Quality grit. Usually a free range flock can find their own grit but you can also provide some free choice as well every now and again, especially if your range doesn't have a good selection of the right type of material. I've never been impressed with the grit mixes sold for poultry...it just doesn't look anything like what I find in their gizzards when they can choose for themselves. The most prevalent type of rock I see them choose for themselves is quartz. Lowe's has a small bag of this, cleaned and ready for fish tanks and the like, for less money than the grit sold at TSC and it will go farther due to being all quartz.

    The right stock. Choose breeds and sources that are known for hardiness. Doing anything otherwise is just shooting yourself in the foot. Start with something good and work to make it better instead of starting with sick, genetically poor breeds or birds and then trying to fix them. Sick roosters alongside the road? Shouldn't even cross your mind to bring them home...if you feel sorry for them, kill them right there and put them out of their misery. No amount of quarantine will fix that situation...you are starting out with birds that are prone to contracting disease, so they will continue to be prone to that very thing. Just like there are people in this world who catch everything coming and going, there are chickens in this world that do the same....avoid keeping such as these. If they look healthy when you buy them but show signs of any illness within a few weeks of your having them, just kill them and get it over with. You don't need that on your soils, in your housing nor in your flocks. Oh, you could give them medicine and "fix" them right up....until the next time a pathogen needs a place to land and they get sick again. Not worth it.

    A determined attitude towards health. A chicken's health is not just what you can see...most of their health lies beneath what you can see, on a cellular level. A good immune system, with a good store of varied antibodies, one that is quick to react to environmental threats to the bird's system, is essential. Some of this is genetic but equal parts are from good gut health, a good start in life, a healthy environment as described in the list above, and exposure to the various pathogens in their environment early and often.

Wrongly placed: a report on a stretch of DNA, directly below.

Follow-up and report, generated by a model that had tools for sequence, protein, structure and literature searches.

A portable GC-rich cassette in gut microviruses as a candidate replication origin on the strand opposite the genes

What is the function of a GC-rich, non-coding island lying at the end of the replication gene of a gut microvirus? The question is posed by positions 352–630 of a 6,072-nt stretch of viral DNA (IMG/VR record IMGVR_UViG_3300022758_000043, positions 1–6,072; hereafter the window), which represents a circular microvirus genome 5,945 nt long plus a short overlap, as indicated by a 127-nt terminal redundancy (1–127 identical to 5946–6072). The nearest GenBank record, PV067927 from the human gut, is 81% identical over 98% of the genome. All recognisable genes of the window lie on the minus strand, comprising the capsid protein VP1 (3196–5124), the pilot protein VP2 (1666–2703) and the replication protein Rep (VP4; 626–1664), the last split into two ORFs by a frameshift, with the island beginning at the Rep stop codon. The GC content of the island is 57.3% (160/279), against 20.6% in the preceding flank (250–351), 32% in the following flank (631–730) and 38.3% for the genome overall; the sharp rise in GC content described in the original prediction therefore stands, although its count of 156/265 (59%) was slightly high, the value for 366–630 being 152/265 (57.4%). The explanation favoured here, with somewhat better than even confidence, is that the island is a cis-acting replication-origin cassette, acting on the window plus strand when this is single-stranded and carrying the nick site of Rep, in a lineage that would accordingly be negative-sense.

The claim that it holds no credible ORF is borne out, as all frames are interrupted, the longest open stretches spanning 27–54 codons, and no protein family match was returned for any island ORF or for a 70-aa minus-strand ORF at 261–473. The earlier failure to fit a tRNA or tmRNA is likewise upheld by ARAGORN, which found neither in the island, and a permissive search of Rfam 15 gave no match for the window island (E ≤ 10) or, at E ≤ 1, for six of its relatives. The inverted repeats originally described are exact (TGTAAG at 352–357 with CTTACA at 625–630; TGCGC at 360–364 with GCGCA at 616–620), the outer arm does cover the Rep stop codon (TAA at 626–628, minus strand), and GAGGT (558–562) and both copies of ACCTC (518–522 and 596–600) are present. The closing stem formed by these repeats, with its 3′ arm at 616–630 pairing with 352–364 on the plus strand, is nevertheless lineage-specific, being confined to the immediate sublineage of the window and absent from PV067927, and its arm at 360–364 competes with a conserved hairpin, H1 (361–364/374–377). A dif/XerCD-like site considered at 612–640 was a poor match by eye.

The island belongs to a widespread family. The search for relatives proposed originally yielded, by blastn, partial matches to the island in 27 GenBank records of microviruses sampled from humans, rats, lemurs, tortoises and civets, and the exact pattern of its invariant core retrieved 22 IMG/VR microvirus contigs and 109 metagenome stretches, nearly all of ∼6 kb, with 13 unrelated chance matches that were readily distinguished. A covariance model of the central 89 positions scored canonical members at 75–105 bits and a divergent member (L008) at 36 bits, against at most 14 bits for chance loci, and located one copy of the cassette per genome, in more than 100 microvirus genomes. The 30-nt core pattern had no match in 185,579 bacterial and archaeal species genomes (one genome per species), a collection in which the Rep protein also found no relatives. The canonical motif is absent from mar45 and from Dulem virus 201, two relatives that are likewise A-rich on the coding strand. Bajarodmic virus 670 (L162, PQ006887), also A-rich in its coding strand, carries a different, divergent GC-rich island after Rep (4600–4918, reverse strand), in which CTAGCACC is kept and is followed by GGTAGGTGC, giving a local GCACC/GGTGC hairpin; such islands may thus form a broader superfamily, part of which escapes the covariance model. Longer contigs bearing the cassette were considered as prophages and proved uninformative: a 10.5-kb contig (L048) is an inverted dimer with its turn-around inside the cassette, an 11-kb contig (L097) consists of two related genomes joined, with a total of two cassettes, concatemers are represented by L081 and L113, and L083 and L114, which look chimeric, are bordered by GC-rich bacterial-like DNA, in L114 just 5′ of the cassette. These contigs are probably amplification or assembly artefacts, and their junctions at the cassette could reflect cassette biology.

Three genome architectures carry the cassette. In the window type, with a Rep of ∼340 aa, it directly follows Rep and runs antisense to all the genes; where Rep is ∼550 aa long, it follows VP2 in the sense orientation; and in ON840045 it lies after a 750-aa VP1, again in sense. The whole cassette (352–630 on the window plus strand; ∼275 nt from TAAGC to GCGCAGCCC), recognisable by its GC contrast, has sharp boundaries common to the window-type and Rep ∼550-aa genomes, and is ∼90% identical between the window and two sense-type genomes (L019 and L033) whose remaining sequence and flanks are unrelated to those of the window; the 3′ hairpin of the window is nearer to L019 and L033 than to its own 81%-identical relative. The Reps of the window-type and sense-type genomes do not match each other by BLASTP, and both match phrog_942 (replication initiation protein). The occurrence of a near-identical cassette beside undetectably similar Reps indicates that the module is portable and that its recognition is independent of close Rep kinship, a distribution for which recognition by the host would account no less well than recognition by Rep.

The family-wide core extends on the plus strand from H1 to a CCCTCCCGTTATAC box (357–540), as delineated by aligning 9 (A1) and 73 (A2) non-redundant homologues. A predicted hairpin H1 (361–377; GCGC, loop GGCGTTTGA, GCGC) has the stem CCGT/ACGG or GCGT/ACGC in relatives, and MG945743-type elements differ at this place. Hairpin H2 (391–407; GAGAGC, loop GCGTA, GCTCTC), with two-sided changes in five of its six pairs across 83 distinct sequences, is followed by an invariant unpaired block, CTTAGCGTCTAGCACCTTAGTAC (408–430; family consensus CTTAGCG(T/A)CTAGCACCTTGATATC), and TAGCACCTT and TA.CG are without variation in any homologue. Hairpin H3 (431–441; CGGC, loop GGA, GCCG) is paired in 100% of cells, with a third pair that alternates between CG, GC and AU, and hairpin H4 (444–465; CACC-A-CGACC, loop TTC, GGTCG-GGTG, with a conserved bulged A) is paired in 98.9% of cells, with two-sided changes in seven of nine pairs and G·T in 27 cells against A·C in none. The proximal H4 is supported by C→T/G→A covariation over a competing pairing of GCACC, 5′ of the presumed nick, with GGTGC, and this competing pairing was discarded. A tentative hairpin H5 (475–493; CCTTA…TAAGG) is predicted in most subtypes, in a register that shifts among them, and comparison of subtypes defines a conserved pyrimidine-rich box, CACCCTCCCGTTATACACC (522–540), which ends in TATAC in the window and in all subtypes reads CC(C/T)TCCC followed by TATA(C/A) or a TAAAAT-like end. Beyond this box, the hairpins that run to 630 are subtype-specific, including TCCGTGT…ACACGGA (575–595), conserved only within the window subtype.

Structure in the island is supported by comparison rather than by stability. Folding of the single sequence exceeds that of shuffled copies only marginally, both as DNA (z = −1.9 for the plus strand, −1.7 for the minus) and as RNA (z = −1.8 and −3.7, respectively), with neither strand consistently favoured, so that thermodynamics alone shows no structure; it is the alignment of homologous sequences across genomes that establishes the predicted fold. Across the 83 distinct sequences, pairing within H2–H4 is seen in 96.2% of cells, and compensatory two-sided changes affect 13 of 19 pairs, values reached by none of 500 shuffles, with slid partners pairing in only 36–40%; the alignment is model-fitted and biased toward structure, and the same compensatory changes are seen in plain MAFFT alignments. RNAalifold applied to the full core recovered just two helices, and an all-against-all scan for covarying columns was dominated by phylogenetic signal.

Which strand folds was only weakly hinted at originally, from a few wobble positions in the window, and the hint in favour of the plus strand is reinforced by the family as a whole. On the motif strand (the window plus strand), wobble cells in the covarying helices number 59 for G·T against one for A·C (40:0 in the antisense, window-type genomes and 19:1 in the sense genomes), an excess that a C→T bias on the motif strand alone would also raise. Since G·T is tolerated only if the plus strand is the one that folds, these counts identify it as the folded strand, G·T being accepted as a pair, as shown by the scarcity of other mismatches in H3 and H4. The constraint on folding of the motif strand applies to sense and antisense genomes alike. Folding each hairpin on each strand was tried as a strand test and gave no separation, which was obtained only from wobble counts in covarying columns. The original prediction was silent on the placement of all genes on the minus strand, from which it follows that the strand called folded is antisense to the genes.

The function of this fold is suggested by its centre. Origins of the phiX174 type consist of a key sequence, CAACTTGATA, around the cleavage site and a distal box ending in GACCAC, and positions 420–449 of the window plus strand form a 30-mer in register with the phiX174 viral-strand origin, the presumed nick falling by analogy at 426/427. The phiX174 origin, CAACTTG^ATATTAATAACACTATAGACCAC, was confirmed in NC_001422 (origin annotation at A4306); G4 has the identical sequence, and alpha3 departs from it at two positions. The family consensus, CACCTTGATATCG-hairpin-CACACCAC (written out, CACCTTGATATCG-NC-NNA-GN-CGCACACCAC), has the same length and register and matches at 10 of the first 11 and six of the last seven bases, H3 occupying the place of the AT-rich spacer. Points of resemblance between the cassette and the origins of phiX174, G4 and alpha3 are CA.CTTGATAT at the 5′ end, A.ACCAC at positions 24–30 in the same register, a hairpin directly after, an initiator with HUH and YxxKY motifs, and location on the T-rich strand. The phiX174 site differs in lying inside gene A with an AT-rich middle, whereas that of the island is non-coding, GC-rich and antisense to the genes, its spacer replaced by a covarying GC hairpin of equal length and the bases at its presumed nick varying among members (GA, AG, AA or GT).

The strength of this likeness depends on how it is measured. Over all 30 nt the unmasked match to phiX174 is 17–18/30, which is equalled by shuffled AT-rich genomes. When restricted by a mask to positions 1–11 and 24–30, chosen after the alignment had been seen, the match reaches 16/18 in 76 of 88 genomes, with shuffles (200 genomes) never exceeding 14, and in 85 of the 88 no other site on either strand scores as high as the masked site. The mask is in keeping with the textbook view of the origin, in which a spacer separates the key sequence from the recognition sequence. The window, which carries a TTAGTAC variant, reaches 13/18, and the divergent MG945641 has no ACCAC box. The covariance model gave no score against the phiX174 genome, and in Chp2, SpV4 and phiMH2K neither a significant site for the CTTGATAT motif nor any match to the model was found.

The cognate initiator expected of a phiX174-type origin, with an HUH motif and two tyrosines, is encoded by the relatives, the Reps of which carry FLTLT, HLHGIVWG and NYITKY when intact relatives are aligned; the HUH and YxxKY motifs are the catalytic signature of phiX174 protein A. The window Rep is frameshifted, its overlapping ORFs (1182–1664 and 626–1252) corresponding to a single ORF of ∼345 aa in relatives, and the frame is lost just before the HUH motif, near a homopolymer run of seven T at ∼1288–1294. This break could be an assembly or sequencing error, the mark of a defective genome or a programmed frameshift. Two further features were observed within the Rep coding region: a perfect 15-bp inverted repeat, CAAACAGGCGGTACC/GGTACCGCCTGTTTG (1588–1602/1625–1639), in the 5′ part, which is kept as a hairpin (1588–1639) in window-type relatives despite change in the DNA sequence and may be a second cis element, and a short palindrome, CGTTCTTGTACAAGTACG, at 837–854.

If you build their health like one would build a good house, you need never fear exposure to a new chicken in the flock, wild birds, extreme weather, etc. If you plan for good health, you're more likely to get it. If you plan for various illnesses, you are more likely to get those too. Think of those people who raise their children in a bubble, germophobic women who rush the kid to the doctor with each sniffle and bathe them in alcohol hand sanitizer every other second of the day. They usually have the sickliest kids. They are usually the sickliest people too. Medicines and sanitizing all surfaces is not the way to build a healthy immune system, rather it's the way to break one down and make it defenseless.

    Toss out all the meds and chemical dewormers and plan for good health in your flock. Resist the urge to medicate...that's a crutch, a bandaid, not a cure or a fix. For steady, sure and consistent health in your flocks, you'll have to build from the bottom up and depend on good flock management methods to see you through...and they will if you just stick with them.

    The consistent and judicious cull. Set your mind to the fact that chickens will die. Your chickens will all die. Each and every single chicken will eventually die and there's no getting around that fact. Now that you know that, you need to know that you have the power to choose the manner of their dying in most cases. Being able to choose when they die and which birds will die, is one of the most invaluable tools in your box for a healthy flock.

    Out in the wild the various herds and flocks are kept healthier by the predators that choose the old, the sick, the deformed, crippled, injured animals. This is a good system and has worked since time began and it will work for you too. You get to be the predator that will insure the health of your flock down through the years.

    Deliberately culling once or twice per year will help you eliminate the animals most likely to carry heavy parasite loads and disease. In chickens it's fairly easy, as you can automatically cull those hens no longer laying a regular cycle...this is one group of potential parasite and disease carriers. Killing them while they are still healthy and before they suffer from an aged reproductive system failure, cancer, fatty liver disease, etc. will remove all chances they will suffer before dying. Kill any birds that don't have good conditioning and fail to thrive on the same regimen as the other birds.....if all the other birds are healthy on it and this one bird is not, it's a bird problem, not a flock management problem. Take it out of the flock.